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What jurors do with evidence during jury deliberation?
 

What jurors do with evidence during jury deliberation?

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Sue Hunter - Open University

Sue Hunter - Open University
Grant Walker & Melanie Lamb - Stirling University

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    What jurors do with evidence during jury deliberation? What jurors do with evidence during jury deliberation? Presentation Transcript

    • What jurors do with evidence during jury deliberation? Sue Hunter Open University Grant Walker Melanie Lamb
    • Right to trial by impartial jury, protected by law from influence BUT jury deliberation is difficult! have to disagree with each other! Schudson (1997)
    • What do we know? Best predictor of final jury verdict = Distribution of pre-deliberation juror verdicts Ellesworth (1989) Majority influence
    • What do we know? Judge & Jury agreement on who should be found guilty chance levels! Kalven & Zeisel (1966) 9% cases hung 74% cases Judge and juries agree 17% cases : 57% judge ►likely convict / jury ►likely acquit so agreement for these 1083 cases at chance levels Criticism : judge - hindsight bias Cameron and Tinsley (2001) Interviewed judge before jury verdict for 48 jury trials agreement 50% - no better than chance.
    • Explanations for lack of agreement judge & jury 1. Genuine leniency bias nullification by a jury - societal correction irrespective of what law says? 2. CSI effect Unrealistic reliance on the infallibility of scientific evidence ? (Lord Justice Leveson, 2009, “forensics = silver bullet”) 3. Lay perceptions of the law rather than legal definitions of the law? e.g. jurors must be 100% certain of guilt – unrealistic high standard (Ogloff & Rose, 2005) 4. Or is it because the jurors do not understand the evidence?
    • Theoretical models Group Decision making - Process
    • Theoretical models
      • Group Decision making - Process
      • Demonstrability affects outcomes:
      • Shared understanding of logical system
      • One solver in group
      • Solver prepared and time to explain the solution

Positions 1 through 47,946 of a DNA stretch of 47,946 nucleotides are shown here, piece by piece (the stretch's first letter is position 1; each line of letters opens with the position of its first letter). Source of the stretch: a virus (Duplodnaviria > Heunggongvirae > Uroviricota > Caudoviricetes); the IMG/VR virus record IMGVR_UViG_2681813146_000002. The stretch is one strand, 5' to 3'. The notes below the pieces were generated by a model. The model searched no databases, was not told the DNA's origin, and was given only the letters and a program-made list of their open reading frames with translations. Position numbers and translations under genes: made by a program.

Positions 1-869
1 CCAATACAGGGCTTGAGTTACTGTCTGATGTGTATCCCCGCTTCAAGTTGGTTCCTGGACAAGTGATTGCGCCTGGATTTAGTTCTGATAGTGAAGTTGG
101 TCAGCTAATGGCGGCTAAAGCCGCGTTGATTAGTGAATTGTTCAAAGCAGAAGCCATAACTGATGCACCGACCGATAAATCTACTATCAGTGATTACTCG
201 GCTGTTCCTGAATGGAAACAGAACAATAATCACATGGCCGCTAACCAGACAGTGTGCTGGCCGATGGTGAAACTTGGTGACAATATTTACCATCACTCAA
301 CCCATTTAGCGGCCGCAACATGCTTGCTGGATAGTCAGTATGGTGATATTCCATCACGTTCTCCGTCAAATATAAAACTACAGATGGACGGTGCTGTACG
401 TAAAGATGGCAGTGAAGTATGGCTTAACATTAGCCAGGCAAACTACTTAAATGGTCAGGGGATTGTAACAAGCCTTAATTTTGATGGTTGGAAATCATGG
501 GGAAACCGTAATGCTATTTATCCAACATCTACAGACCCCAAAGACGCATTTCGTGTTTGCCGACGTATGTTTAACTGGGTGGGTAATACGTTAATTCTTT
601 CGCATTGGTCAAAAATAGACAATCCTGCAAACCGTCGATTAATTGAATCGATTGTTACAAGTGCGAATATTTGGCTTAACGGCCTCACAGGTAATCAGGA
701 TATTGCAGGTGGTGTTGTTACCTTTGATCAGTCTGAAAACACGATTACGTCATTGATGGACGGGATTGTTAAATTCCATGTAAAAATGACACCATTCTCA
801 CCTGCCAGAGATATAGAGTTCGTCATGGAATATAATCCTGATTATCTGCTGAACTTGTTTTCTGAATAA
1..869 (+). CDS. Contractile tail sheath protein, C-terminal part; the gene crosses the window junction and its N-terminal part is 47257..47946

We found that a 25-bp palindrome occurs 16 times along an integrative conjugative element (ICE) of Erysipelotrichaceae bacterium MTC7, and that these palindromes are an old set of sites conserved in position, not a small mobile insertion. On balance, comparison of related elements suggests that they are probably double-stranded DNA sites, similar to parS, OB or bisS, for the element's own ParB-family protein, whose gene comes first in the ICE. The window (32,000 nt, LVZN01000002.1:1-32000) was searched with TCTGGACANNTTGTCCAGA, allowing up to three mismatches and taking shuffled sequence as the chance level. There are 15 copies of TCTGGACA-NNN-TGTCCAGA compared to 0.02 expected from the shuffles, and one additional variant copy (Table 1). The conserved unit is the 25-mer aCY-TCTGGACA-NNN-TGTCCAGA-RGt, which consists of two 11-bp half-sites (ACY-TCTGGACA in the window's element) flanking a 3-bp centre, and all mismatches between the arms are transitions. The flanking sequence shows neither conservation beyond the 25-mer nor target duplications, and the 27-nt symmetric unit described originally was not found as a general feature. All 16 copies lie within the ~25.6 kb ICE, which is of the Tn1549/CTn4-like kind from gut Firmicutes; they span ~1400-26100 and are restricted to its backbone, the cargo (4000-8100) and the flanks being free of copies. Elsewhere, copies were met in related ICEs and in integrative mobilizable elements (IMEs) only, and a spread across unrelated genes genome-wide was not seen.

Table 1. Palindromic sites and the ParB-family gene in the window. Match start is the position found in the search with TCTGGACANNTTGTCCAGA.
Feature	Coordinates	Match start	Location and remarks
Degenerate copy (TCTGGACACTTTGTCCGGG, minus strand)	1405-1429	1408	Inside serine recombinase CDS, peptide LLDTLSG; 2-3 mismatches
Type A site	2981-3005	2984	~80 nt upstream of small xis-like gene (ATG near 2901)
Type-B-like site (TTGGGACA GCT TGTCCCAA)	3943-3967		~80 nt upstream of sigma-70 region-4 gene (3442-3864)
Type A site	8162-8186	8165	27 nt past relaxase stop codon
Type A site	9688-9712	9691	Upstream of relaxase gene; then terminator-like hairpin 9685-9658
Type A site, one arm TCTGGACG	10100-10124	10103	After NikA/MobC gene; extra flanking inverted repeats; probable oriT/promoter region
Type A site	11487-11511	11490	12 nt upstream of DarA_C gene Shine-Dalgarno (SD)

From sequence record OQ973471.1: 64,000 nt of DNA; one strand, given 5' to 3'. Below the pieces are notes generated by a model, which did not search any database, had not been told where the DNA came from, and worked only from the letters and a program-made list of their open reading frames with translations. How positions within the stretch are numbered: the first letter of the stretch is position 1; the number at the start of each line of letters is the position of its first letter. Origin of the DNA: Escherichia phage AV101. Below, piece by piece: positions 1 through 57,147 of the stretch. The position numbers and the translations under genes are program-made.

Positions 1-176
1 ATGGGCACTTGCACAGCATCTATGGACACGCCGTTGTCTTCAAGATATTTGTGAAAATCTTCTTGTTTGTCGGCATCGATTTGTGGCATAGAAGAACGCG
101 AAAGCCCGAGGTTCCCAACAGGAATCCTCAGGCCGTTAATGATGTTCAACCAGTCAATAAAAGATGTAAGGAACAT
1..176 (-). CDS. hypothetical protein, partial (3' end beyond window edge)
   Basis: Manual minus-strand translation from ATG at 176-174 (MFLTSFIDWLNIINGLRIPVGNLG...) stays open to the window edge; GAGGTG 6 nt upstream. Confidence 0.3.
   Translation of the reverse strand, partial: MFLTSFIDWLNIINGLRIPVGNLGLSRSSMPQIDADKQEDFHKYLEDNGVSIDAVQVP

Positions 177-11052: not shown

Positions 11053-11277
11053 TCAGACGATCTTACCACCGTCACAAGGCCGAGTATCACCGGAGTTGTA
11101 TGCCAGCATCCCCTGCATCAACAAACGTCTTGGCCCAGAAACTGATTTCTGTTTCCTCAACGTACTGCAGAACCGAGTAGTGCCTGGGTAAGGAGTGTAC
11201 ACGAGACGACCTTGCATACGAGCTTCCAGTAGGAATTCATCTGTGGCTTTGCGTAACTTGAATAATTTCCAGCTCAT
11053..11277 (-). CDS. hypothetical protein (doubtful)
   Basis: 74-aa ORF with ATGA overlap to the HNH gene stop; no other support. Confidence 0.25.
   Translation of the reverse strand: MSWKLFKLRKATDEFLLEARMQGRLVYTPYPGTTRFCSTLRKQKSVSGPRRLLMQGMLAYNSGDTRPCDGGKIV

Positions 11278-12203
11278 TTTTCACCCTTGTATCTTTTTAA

• Non-solvers able to comprehend the solution
    • Demonstrability affects outcomes Eureka problem truth wins (1) Lower demonstrability truth supported by one (2) Low demonstrability majority, equi-probability otherwise (3:1 OR 2:2) Complexity judgement comes into play (15!)
    • Levine (1999) Abstract fact-finding Consensus continuum Demonstrability affects outcomes Focus Problem solving No correct answer, achieve consensus Task intellective judgemental Emphasis correct solution thro’ information processing selection of alternatives
    • Demonstrability affects outcomes
      • if
      • jury decision making is regarded as a process
      • then
      • demonstrability will result in different outcomes
      • dependent on whether the task is framed as a
      • “ problem to be solved” or “consensus seeking”
      • Stasser & Stewart (1992),
    • Theoretical models Minority Influence Moscovici (2000) Majority focus on minority = response bias (consensus reasoning) majority influence as an acceptance Minority focus on information (problem solving) minority influence persistent consistency RESPONSE CONFLICT
    • Theoretical models Moderate motivation High Motivation Minority Central processing of information Majority Heuristic processing of information Focus on others Minority Central processing of information Majority Central processing of information Persuasion & Minority/majority influence Martin & Hewstone (2008) Majority heuristic cues /minority elaborative central processing
    • Theoretical models Social representations Semantic barriers: positioning Moscovici (2000), Gillespie (2008). Core representation contains ‘alternative’ representation Semantic Barriers – distance ‘alternative’ - reduces threat to core representation